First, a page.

Mar 27 2018
Researchers from the University of Sheffield have discovered that looking at honeybees in a colony in the same way as neurons in a brain could help us better understand the basic mechanisms of human behavior.
The team studied a theoretical model of how honeybees decide where to build their nest and viewed the bee colony as a single superorganism which displays a coordinated response to external stimuli - similar to the human brain. The study concluded that the way in which bees "speak" with each other and make decisions is comparable to the way the many individual neurons in the human brain interact with each other.
Previous research has shown that the brain of humans and other animals follow certain rules known as psychophysical laws. Single brain neurons do not obey the laws, but the whole brain does. Similarly, this study found that even if single bees do not obey these laws, the superorganism, i.e. the bee colony, does.
The study, published in Nature: Scientific Reports, which has fundamentally found that superorganisms may obey the same laws as the human brain, is important because it suggests that the mechanisms that generate such psychophysical laws are not only happening in brains as previously thought. This discovery will enable scientists to better understand the basic principles that generate such laws by studying superorganisms such as bee colonies, which is much simpler than watching brain neurons in action when a decision is being made.
The study also helps us better understand and explore brain laws, including Pieron's Law, Hicks Law and Weber's Law.
Pieron's Law is the law that suggests that the brain is quicker to make decisions when the two options to decide from are of high quality. The brain is slower when the two options are of lower quality. When studying the bee colony, the study found that the honeybee colony is quicker to make a decision between two high-quality nest-sites compared to two low-quality nest-sites.
Similarly, Hick's Law finds that the brain is slower to make decisions when the number of alternative options increases. In this study, academics found that the bee colony was slower to make decisions when the number of alternative nest-sites increased.
Researchers also compared bee colonies to brain neurons in Weber's Law. This law finds that the brain is able to select the best quality option when there is a minimum difference between the qualities of the options. The minimum difference is small for low qualities and big for high qualities - there is a linear relationship between quality and minimum difference. In the study, the bee colony model was found to follow the same linear relationship of the minimum quality difference between nest-sites and their average quality.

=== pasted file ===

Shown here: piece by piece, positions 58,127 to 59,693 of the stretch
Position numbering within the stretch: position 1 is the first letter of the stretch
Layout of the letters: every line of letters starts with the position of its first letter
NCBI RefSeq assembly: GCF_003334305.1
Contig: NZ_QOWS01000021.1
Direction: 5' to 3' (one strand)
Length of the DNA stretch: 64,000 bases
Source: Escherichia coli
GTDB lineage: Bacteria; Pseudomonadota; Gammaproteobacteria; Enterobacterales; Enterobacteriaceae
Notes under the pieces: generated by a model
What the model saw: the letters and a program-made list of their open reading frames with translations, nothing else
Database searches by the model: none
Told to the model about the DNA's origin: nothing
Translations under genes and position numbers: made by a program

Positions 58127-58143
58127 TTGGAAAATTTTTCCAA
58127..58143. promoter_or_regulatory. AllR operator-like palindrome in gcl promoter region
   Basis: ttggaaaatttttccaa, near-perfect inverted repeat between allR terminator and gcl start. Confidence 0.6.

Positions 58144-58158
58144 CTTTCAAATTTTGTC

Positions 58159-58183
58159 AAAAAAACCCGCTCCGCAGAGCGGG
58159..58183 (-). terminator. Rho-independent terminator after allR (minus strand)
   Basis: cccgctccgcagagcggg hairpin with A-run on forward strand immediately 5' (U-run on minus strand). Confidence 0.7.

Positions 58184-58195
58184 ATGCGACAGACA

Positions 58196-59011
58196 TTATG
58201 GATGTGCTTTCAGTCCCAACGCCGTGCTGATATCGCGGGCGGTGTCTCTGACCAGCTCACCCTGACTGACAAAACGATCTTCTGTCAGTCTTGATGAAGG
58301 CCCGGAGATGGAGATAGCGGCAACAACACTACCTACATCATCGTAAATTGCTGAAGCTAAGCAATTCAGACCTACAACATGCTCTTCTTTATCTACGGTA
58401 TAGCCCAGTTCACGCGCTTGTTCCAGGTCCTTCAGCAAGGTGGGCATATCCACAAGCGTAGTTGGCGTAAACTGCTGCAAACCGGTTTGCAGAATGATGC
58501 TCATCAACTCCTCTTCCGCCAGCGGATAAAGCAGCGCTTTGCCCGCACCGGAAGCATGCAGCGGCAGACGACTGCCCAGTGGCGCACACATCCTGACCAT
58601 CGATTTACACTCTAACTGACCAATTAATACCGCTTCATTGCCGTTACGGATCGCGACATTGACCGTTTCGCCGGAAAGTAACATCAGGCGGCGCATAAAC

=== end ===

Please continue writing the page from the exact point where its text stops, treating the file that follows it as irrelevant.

This law can also be applied to changes in stimulus as well as quality, for example, light, sound or weight. An analogy could be: if you're holding 1lb of rocks and add another 1lb of rocks, you'll notice the difference immediately; but if you're holding 30lbs of rocks and add another 1lb, the change is much less noticeable.
Dr Andreagiovanni Reina, Research Associate in Collective Robotics in the University of Sheffield's Department of Computer Science, said: "This study is exciting because it suggests that honeybee colonies adhere to the same laws as the brain when making collective decisions.
"The study also supports the view of bee colonies as being similar to complete organisms or better still, superorganisms, composed of a large number of fully developed and autonomous individuals that interact with each other to bring forth a collective response.
"With this view in mind, parallels between bees in a colony and neurons in a brain can be traced, helping us to understand and identify the general mechanisms underlying psychophysics laws, which may ultimately lead to a better understanding of the human brain. Finding similarities between the behavior of honeybee colonies and brain neurons is useful because the behavior of bees selecting a nest is simpler than studying neurons in a brain that makes decisions."